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Discussion Starter · #1 ·
Hi, I'm new here but I've always read about low stable NO3 making red plants red and high PO4 keeping spot algae from growing on the glass. Has anyone maintained a NO3 value of <5mg/l and a PO4 value of 1.5-2.0 mg/l? This is way out of the 10:1 ratio which I've read about though. I want to make my red plants redder and at the same time try to remove the spot algae from my anubias and from the glass. Thanks in advance for any advice :)
 

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Use less light, this will make it easier to maintain low N.
A redder plant is a stressed plant, go too low and you will stunt your plants.

Adding light bulbs that make the reds appear redder to you also may help.

Regards,
Tom Barr
 

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plantbrain said:
Adding light bulbs that make the reds appear redder to you also may help.
I just got my GE9325ks today and the difference in color of the L Glandulosa under them and under 6700ks is striking. In the 6700k they appear more brownish red than red, under the 9325ks the color needs to be seen to be believed, really neat.
 

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Funny you should mention the GE9325's. I, too, put them in just the other day and was immediately impressed.
I was expecting a whiter, bluer light but they're warmer with very good color rendering. And what they do for reds is remarkable.
I can't speak to their effect on plant growth. I use MH's as my grow lights but, for general tank illumination in a T12 flourescent, they're the best I've seen.

Bob Vivian
 

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I am not sure that keeping NO3 at 5ppm will do it as far as making plants redder. The ratio of N to P isn't so important. The question to ask is, will the plants actually be nitrogen deficient at a NO3 level of 5ppm. I suspect not. I got some nice red plants back in August in a tank where the NO3 level was not measurable. I got some Hygrophila polysperma to produce a nice pink-red color and some Blyxa japonica also to turn pretty much red, with red striping on the leaves and pale green inbetween. The plants were still growing, but not as fast as they could. Interestingly, the plant that suffered with actual N deficiency and die-back of some of the older leaves was Zosterella dubia. Plants experience low nitrogen levels frequently in Nature, and are not harmed much, unless the deficiency is really extreme.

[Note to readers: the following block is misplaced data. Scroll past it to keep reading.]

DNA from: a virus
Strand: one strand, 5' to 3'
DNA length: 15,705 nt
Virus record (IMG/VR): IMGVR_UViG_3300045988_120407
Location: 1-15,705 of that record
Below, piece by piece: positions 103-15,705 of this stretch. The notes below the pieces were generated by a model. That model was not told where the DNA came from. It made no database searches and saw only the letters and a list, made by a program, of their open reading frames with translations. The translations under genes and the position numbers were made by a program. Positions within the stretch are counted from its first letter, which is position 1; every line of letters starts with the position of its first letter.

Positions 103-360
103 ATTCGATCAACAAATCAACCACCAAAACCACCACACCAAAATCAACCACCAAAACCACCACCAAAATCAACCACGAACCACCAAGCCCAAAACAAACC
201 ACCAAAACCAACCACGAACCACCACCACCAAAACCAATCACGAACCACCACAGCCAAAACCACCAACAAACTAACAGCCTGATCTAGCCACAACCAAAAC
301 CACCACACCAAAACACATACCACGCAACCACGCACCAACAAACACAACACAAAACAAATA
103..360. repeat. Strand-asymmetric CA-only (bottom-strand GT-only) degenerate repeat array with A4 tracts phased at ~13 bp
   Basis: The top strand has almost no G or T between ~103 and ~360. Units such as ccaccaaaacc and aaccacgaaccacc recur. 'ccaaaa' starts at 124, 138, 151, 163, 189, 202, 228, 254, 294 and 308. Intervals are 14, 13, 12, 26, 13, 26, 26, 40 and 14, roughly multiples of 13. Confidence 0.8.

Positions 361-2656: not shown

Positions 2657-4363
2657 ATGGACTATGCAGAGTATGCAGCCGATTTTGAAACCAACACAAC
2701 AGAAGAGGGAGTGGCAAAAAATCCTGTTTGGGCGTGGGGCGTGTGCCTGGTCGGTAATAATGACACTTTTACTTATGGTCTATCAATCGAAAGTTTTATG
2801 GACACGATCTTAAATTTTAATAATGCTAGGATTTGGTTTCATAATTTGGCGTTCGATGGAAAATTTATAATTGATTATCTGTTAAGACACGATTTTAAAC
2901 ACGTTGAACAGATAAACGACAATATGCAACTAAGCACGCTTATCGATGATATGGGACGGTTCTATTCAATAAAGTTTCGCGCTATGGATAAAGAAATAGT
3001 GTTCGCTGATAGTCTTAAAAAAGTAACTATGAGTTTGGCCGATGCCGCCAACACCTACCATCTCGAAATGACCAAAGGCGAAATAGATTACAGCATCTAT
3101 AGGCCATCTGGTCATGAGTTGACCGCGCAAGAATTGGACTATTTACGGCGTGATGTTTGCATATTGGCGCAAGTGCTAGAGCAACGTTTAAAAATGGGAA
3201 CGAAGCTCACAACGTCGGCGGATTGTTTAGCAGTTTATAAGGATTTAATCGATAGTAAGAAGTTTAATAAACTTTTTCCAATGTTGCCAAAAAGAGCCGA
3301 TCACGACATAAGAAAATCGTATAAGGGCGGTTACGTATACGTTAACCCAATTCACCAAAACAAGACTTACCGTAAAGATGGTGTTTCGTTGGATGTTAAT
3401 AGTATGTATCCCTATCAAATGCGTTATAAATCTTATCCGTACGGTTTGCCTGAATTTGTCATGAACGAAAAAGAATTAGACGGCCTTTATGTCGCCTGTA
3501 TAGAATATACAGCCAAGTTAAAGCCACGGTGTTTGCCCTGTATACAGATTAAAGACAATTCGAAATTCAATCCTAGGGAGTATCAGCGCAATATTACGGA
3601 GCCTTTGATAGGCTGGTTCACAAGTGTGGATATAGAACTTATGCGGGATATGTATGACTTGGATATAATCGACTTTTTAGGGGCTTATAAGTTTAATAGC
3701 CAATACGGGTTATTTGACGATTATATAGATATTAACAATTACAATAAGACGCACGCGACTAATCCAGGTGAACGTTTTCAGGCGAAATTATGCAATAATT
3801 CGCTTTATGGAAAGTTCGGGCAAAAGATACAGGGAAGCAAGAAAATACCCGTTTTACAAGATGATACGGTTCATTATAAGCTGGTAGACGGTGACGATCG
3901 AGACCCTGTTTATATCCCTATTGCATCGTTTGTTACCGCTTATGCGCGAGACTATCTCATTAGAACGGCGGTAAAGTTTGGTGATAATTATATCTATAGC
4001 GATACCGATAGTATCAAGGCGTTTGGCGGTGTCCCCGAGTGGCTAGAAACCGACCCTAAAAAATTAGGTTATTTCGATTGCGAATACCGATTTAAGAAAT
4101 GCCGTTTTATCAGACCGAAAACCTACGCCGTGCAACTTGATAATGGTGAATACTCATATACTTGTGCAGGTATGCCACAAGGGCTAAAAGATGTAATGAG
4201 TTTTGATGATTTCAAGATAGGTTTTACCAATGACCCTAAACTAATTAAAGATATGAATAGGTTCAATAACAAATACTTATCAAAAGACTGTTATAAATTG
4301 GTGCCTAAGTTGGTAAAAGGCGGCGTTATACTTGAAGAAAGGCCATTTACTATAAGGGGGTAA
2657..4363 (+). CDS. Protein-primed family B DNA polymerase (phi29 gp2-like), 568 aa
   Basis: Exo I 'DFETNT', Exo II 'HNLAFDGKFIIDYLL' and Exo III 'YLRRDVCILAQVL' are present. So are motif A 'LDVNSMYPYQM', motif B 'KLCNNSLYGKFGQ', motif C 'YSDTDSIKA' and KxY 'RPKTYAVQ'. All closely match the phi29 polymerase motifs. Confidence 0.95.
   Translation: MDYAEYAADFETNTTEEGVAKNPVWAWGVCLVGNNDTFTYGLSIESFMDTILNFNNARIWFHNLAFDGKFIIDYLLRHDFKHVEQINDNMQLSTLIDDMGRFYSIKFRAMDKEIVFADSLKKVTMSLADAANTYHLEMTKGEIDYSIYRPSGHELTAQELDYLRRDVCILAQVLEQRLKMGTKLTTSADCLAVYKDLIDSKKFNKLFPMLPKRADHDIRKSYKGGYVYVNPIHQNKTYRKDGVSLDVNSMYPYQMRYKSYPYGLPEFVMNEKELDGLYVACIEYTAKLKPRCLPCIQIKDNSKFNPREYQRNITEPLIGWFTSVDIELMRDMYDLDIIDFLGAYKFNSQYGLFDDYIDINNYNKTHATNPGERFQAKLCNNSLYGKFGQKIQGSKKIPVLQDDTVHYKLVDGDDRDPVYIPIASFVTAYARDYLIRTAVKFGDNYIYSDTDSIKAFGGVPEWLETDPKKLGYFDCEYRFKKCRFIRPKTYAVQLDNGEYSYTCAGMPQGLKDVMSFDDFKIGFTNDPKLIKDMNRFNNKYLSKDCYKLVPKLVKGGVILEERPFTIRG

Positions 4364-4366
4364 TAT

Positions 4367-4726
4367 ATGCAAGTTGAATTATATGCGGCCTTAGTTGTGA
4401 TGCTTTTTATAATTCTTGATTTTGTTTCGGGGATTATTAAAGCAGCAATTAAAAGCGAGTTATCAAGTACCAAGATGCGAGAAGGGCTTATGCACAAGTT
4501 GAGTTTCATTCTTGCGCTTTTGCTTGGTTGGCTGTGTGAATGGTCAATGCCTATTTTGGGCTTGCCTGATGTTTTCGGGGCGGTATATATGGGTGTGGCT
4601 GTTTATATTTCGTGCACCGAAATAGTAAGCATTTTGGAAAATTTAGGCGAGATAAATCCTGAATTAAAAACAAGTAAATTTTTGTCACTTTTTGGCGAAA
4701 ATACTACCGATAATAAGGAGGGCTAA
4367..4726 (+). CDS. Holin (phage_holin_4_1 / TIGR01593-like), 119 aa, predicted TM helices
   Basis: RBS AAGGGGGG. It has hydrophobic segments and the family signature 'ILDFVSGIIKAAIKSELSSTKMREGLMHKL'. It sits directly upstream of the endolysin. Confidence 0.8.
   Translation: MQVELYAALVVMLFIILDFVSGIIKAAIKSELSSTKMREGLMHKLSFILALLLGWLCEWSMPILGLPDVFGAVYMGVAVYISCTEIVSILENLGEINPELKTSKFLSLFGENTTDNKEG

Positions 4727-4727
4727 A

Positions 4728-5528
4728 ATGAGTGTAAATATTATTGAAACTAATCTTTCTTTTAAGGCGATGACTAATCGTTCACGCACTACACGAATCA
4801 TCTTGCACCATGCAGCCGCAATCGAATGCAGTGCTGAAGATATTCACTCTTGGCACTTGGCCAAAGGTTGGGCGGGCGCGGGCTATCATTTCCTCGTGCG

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The ratio of N to P isn't so important.
My observations contradict this statement. Formerly, I was never able to get Ludwigia arcuata past a dull orange, but now I can (consistently) get reds out of this and other plants by raising the P to N ratio. You can have blood red plants up to even 10 ppm NO3 if you keep PO4 at 1.5-2ppm.

Outright stressing the plants with both lean P and N just resulted in dull, slow growing plants. I observed high growth rates and excellent health, however, with high P to N.

Carlos
 

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I don't think my plants (the Hygrophila and Blyxa) were stressed by lack of P, but I know that they were N deficient.
 

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I've been curious for a while about nutrient levels and deficiencies and I had this thought:

Isn't it logical to assume that if any nutrient is measurable in the water column than by definition there is no deficiency?

I mean if there is even 2mg/l of NO3 in the water column that means the plants still have that much available to them before there is no more?

Or is it that plants have problems using nutrients if they are *below* certain concentrations in the water column? :? But on the other hand I know that if I don't dose NO3 it will get to zero.... same with Fe... So therefore plants can either assimilate the nutrients all the way down to 0 concentrations or they are precipitating out of solution.
 

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Discussion Starter · #10 ·
The reason I’m asking because through my observation on my rotala rotundifolia, this plant turned really red at a very low to undetectable NO3 values (<5mg/l) the last I checked with my SERA NO3 tester. Then, the red colour diminishes as I add KNO3 to about 5mg/l. I noticed this from their growth tips. PO4 was maintained at 1.0mg/l. I’m using two 7500K 38W FL lights, one 6000K 30W and one 3000K 30W warm white just above my red plants to try and get them to look red in my 4 feet 220 litres tank. From this observation alone I can say that low NO3 do bring out the reds, but how low is low? My question is, how long can I maintain low NO3 (<5mg/l) before I actually start to stunt the plants?
 
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